Rewind Reviews #8 - By Volume

I knew we'd never write. somehow that seemed alright. This counts as calling three years out. The Wrens - 13 Months in 6 Minutes
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Rewind Reviews #8

Songs I Love from Bands I Don’t Author: on July 20, 2013
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The theme for this week’s edition of Rewind Reviews is stated quite plainly in the title. The following three entries are all songs that I love in one capacity or another from band’s that I do not. Compared to the past few weeks this is certainly a more straightforward topic, which is great, really, because I don’t want to use this space for my philosophical wanderlust all the time. Now, I feel like a disclaimer is necessary here: these are songs from bands that I don’t particularly care for, but that does not necessarily mean I think they are bad — not at all. In fact, a number of the artists involved in the songs below I have a certain level of respect for, that I have even liked quite a lot in a past life. Still, these are songs that I frequently listen to (frequently being a rather loose term here) from bands that, outside of these songs, I don’t listen to frequently nor care to listen to frequently. But enough of this jumbled mess, on to the songs!

Barenaked Ladies — “Call and Answer”

I have always felt there was a strange duality to the Barenaked Ladies; on the one hand they were the band responsible for “If I Had A Million Dollars” and “One Week”, which, to my money, are kind of lame in their quirkiness. But people grabbed onto these songs as if they were essential slices of Canadiana. On the other hand, there are some really talented people involved in this band and some of their songs really show their great deftness as songwriters. It’s usually when the band goes into a contemplative mode that you really get to see their songwriting proficiency laid bare. “Call and Answer” is a perfect example of the kind of reverence and melodic gravitas that the Barenaked Ladies can pull together. The first half of the song moves along nicely enough, with its lyrical themes of a relationship on the threshold of rupture, but it’s the finale that really grabs your attention. After a short instrumental interlude, the main chorus returns before a rousing coda highlighted by some elegant but forceful piano touches and a wonderfully melodic vocal turn from Steven Page. Quite simply, it’s one of the lovelier songs of the late 90s.

Lagwagon—“May 16th”

Ah yes, high school: that awkward time that I would rather not revisit because the only people who really want to revisit high school were the ones that had a really great time there. Furthermore what’s the deal with that? Lagwagon were a big part of this time for me, which isn’t to say I was a punk, I’m pretty much the least punk person ever (does that make me punk? Answer: no). No, I just had a soft spot for a certain kind of music during these developing years while I was still in the midst of my classic rock kick and before that fateful day when I first heard Spoon and was introduced to the wide world of contemporary indie. Lagwagon fit that soft spot to a tee. Well, it’s been nearly a decade since that Lagwagon phase and I don’t listen to them anymore, that is, except, on May 16th, officially Lagwagon Day. But really, “May 16th” represents the best Lagwagon have to offer. They were always a better band than their contemporary brethren like NOFX, and “May 16th” showcases just why. There’s that bit of metal-like precision in the drumming and the inventiveness to actually change meter in their song. Granted, that’s not what many would consider technicality, but in relation to other punk bands of that ilk, they were heads and tails above the rest. Plus melodically the song is rather interesting and catchy. It’s still a fun song to listen to these days — even if it usually sits in some forgotten corner of my music library, waiting for its commemoration day.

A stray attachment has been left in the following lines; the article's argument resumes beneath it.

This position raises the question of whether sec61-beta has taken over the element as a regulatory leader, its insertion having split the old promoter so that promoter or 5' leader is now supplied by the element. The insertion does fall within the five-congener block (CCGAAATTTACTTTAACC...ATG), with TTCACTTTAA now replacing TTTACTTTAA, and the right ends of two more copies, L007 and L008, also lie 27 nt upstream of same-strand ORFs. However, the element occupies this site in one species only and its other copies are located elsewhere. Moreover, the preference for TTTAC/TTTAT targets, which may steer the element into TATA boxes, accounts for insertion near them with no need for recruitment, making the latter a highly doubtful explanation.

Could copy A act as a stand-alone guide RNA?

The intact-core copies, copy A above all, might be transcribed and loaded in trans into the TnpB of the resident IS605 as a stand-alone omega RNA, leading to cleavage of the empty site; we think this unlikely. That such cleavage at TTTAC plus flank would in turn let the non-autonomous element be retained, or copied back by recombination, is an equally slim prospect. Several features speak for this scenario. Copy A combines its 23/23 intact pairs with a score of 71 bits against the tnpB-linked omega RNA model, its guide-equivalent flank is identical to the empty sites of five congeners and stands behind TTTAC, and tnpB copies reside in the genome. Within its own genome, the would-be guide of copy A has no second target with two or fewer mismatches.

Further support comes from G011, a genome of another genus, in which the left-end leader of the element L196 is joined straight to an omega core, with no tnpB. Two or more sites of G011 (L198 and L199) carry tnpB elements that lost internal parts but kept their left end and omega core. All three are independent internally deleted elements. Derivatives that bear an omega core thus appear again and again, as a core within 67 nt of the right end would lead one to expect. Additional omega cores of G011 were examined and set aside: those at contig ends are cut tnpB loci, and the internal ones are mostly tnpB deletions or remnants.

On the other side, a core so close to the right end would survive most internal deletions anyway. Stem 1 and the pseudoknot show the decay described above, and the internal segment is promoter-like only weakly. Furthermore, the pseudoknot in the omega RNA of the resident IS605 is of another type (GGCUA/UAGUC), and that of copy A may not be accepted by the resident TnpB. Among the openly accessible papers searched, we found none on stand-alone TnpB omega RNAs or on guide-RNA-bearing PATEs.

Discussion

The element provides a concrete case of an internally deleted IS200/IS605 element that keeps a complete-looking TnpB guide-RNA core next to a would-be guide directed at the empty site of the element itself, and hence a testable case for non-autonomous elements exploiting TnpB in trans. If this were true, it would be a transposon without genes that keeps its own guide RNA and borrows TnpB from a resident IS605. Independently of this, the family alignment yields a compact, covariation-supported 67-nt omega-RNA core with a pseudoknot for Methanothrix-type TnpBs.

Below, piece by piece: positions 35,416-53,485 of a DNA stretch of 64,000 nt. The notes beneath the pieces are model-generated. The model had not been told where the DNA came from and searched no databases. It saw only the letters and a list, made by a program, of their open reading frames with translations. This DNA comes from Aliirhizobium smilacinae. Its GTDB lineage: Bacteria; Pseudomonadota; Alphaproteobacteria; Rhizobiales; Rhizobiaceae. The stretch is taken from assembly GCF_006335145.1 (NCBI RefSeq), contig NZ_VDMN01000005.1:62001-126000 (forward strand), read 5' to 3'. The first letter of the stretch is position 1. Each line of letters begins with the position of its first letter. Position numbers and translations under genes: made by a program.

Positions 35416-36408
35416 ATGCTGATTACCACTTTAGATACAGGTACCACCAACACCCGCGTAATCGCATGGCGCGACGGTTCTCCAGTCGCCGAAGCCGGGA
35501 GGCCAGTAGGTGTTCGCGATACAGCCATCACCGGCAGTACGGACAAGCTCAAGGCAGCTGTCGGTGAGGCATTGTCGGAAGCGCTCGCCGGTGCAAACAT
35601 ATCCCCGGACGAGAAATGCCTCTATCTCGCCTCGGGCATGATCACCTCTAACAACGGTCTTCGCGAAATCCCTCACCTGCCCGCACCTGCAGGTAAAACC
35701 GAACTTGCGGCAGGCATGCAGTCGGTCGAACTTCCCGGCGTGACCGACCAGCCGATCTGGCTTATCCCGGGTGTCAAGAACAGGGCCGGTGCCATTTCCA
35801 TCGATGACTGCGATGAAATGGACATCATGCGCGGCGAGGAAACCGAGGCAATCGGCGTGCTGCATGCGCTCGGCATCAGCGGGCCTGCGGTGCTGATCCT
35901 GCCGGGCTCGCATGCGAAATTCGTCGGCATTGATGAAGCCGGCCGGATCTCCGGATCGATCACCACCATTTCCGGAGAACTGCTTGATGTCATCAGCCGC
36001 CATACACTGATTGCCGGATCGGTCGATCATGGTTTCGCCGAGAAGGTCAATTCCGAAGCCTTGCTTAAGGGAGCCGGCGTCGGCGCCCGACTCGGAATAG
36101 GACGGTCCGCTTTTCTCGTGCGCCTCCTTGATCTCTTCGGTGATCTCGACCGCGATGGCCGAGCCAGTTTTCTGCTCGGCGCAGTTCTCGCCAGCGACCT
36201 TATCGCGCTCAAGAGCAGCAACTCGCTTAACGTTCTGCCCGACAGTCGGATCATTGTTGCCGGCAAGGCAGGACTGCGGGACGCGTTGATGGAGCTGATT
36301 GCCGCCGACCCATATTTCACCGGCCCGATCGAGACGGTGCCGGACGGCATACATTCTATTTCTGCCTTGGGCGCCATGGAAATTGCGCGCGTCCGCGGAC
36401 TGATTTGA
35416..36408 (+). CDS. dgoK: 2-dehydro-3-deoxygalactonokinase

Johnny Cash featuring U2—“The Wanderer”

This one is a bit of a cop-out since it is the featured artist and not the lead performer that I don’t particularly care for. What is there to say about Johnny Cash, in any regard, that doesn’t edge toward cliché? U2, however, are a different story. Let’s just save the ranting on music and ethics for another day and say I don’t care too much for that band, and maybe the draw of this song is that Bono is relegated to some oohs and aahs near the end of the track. But it’s a pretty great song that taps into the vaguely apocalyptic, almost Paradise-Lost-sympathetic-Satan, mode of lyricism that highlights the best of Cash’s output. By apocalypse, I’m not speaking so much about fire and brimstone, the destruction of the world, but rather I mean the word in its etymological roots, that is, to revelation. The steady synth and bass pulse provides a foundation for some of Cash’s most apocalyptic musings. The eponymous wanderer becomes a figure of revelation as Cash’s raspy voice haunts of its spectre-like existence, wandering the “streets paved with gold” with “a bible and a gun.” It’s a song built around the collision between U2’s softer side and Johnny Cash’s always reliable rustic and minimal touches of catharsis. The result is something more memorable than you might initially expect from the pairing.

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